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Warming up a car

Is it necessary to warm up a car? If so in what circumstances?

This is to settle an arguement. Someone said they heard Click and clack say that it’s a myth and that there is no need to warm up your car unless you live in freezing temperatures.

I live in freezing temperatures (at least during the winter) and I NEVER warm up my vehicles…never had a problem and usually keep my vehicles to well past 250k miles. All you have to do is start it…and let it idle for about 10 seconds then drive away.

The car manufacturers and most all mechanics agree that the best bet for the car is to start the engine and drive away as soon as the car will drive safely. Don’t hit the freeway for a mile or so to allow things to warm up a little before asking it to go at a high speed.

Running cold is not good for a car and idling is running cold.

Some people believe it is better to avoid even normal city street driving until the engine is warm, but that is not good for the engine and they are forgetting the other parts of the car that need to be warmed up like the transmission and suspension parts. These also warm up as you drive those first few miles.

BTW Click and Clack have on more than one occasion answered this question on the radio and it always comes out the same.

The answers that have been provided are valid. If you want confirmation, just open your glove compartment, take out the Owner’s Manual, and read what the vehicle manufacturer stated regarding engine warm-up. (Hint: Warm-up is not necessary.)

The key points here are to let the engine run just long enough to circulate the oil to the valve gear, ususally about 15-20 seconds in normal weather. If it’s very cold you may need to clear the windows before driving off. In that case more warmup time is necessary.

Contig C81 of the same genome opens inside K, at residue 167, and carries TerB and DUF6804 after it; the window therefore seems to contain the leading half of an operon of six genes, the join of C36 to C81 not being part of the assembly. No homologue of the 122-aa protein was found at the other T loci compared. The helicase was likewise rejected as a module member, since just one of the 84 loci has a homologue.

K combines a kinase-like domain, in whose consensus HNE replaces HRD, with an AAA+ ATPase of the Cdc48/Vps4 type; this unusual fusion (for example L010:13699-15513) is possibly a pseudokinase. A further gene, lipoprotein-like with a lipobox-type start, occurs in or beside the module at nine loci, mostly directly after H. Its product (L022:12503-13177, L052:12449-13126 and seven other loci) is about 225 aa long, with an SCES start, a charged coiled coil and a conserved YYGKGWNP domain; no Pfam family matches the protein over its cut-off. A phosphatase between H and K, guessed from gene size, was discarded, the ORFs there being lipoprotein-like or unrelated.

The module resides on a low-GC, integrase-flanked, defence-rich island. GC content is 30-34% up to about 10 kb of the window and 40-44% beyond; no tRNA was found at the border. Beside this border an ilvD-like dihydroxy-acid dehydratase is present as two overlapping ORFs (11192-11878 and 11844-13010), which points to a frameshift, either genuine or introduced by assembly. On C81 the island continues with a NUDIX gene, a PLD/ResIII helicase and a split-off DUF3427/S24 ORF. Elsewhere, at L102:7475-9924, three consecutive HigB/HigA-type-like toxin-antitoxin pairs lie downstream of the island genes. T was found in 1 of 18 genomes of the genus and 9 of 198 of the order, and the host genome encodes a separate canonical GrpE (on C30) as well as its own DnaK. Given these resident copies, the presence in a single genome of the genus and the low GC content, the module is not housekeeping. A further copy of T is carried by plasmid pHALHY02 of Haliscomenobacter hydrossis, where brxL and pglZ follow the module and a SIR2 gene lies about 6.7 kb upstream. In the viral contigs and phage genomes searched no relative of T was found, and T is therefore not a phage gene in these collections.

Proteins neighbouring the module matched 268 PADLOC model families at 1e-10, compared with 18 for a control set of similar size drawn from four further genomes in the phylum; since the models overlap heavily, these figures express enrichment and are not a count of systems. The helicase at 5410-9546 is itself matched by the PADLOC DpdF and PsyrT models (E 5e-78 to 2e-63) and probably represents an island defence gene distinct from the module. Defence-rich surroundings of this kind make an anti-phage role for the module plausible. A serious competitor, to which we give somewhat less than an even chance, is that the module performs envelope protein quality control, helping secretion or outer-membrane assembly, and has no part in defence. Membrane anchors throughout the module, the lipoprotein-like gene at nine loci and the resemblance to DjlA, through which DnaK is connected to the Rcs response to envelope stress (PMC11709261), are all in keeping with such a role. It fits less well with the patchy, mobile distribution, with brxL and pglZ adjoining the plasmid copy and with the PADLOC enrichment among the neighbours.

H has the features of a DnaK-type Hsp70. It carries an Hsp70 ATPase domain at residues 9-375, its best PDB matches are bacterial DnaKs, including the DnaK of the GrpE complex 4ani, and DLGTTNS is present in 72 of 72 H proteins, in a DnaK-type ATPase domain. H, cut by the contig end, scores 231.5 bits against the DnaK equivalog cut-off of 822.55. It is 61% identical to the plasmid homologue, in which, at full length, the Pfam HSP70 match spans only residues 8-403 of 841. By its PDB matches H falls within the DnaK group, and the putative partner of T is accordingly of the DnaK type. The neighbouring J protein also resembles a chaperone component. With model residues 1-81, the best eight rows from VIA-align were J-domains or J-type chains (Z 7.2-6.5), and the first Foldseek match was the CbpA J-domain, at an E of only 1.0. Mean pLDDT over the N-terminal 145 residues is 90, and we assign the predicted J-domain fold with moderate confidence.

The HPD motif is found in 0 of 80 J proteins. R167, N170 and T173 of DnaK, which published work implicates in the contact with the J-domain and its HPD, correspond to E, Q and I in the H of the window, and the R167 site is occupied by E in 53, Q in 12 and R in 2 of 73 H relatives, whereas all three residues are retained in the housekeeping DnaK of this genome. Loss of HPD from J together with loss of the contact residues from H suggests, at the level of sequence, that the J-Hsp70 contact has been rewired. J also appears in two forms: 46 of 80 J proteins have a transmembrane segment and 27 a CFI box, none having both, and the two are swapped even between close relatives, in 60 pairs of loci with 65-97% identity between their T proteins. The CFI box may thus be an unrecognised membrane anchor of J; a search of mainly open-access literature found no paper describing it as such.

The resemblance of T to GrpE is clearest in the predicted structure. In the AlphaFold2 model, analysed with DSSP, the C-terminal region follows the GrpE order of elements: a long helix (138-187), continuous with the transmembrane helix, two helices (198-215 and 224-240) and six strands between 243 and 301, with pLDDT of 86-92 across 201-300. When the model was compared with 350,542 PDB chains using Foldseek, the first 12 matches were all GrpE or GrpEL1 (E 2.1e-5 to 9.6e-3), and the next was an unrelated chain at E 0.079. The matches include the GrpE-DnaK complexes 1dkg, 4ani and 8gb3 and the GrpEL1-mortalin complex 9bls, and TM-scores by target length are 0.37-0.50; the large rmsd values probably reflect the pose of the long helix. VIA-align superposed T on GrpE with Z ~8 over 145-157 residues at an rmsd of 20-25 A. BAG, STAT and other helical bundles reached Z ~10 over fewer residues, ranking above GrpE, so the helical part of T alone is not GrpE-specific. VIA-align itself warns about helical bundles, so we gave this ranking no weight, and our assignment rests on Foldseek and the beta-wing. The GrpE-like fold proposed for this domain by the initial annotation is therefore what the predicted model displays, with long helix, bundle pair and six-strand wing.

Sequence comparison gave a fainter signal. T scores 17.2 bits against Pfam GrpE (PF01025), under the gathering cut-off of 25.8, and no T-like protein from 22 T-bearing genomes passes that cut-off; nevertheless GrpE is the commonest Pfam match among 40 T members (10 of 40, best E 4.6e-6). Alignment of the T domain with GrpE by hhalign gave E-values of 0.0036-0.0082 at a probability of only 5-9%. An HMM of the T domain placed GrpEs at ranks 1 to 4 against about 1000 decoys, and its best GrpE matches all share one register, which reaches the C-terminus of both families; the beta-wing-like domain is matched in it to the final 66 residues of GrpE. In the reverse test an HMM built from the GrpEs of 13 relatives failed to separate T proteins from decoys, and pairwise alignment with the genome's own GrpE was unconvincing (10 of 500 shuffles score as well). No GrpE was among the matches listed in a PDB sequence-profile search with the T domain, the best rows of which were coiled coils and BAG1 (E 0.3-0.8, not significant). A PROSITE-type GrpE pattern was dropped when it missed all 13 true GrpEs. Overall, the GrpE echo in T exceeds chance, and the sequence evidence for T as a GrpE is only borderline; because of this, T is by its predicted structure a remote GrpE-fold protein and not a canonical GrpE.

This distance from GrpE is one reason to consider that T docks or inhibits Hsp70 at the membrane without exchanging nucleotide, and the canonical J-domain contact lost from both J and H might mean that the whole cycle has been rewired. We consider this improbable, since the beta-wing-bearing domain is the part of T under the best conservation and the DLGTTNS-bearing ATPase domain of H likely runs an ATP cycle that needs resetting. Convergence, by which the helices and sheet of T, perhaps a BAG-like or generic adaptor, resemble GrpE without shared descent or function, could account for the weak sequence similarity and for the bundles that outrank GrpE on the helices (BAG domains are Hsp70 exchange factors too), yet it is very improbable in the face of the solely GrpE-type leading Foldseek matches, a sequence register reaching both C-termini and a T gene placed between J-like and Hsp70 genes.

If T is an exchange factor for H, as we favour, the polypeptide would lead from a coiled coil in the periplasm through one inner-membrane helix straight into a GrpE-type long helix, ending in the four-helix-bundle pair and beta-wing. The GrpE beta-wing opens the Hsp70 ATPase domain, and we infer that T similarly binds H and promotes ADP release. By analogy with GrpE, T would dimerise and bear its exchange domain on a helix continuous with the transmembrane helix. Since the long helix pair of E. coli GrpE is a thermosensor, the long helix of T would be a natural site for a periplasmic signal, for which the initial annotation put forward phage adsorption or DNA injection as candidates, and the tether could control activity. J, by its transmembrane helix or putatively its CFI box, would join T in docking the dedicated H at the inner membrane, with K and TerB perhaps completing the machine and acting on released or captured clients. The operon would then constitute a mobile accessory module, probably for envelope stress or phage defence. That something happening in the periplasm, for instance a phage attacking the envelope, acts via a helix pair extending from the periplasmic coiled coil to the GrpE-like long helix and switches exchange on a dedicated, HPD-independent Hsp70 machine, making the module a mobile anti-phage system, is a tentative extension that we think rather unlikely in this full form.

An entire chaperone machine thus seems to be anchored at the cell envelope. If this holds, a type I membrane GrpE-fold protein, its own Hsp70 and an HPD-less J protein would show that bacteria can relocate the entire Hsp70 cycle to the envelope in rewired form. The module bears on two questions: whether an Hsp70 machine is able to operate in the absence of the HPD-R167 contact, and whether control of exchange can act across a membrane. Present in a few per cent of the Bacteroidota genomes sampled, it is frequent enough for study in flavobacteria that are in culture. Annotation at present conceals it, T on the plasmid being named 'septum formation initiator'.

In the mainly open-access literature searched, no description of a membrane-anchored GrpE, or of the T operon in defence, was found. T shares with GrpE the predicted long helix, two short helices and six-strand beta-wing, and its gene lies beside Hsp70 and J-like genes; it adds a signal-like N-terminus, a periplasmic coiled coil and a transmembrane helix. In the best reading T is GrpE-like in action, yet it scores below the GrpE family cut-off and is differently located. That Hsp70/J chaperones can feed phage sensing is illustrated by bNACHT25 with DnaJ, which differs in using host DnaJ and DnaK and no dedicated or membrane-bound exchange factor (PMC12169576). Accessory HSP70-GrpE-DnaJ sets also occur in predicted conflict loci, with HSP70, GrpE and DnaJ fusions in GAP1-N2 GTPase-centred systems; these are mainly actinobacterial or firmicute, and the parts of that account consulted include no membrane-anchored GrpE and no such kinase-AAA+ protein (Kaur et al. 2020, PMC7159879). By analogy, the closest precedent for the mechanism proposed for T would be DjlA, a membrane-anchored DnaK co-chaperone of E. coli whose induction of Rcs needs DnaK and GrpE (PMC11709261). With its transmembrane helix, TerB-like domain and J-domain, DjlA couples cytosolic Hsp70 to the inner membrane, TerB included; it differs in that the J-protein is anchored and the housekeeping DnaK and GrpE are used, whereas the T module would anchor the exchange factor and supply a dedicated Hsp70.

The general idea is to warm up the engine as quickly as possible. Driving off gently first will warm the engine up much quicker than idling. Years ago when cars had chokes, driving off with no warmup often resulted in the engine stumbling. Those days are long gone.

The MOST IMPORTANT thing is to put the right viscosity oil in the car for the season. A very heavy oil will not circulate quickly in cold weather and cause excessive engine wear on startup. Good winter grade oil are 5W30, 0W30, 5W40, 0W40. Your OWNERS MANUAL will specify the best winter oils for your car.

If your car is old enough that it predates electronic fuel injection (EFI), I think you should warm it up. The only time you should bother warming up a car with EFI is when temperature is below freezing, and then a minure or two is all you probably need. You will get warm air from the heater quicker from driving the vehicle.

For the vehicles sake no unless temperatures are well below 0F. The key thing is to drive very gently until your vehicle is warmed up(by temp guage) no matter what the temp outside.

For comforts sake do what ever you please. I never warm my vehicles up(just drive extra gently till warm) and get 200k problem free miles then sell my cars. My parents do warm their vehicle and get well beyond that too.

If it’s very cold you may need to clear the windows before driving off. In that case more warmup time is necessary.

That’s what a window scraper is for. On days it’s -10…it’ll take 10-20 minutes to warm up enough to melt off any ice/snow on windshield.

Everyone has missed what for me is the most important part of the answer…safety.

The engine and drivetrain will be fine cold as long as you don’t push them, but it is important to warm the engine long enough to get and keep the windows clear of ice, snow, and/or fog. If it’t real cold out my breath can be enough to fog cold glass even after the snow is scraped away.


I live in a cold area, and am not referring to melting the ice off the OUTSIDE of the windshield. The problem is the INSIDE fogging/frosting up on a very cold morning while you are driving. This stuff is difficult to scrape off while underway, except in a VW old style beetle where the windshield was close and flat!

In the interest of safety, as advisors, I would rather the OP gets some heat to come out of the defrosters first rather than charge off into a very cold winter morning.

P.S. I carry 3 scrapers/brushes of varying sizes!

he problem is the INSIDE fogging/frosting up on a very cold morning while you are driving.

The ONLY time I’ve ever seen that is if I left a window open…or my 69 bug…Outside of that…NEVER get frost on the inside.

I’ve never had frost on the inside either, there must be moisture trapped inside the care someplace.

Start car, buckle seat belt, check gauges and then GO.

This is a great article. Please keep writing because I love your style.
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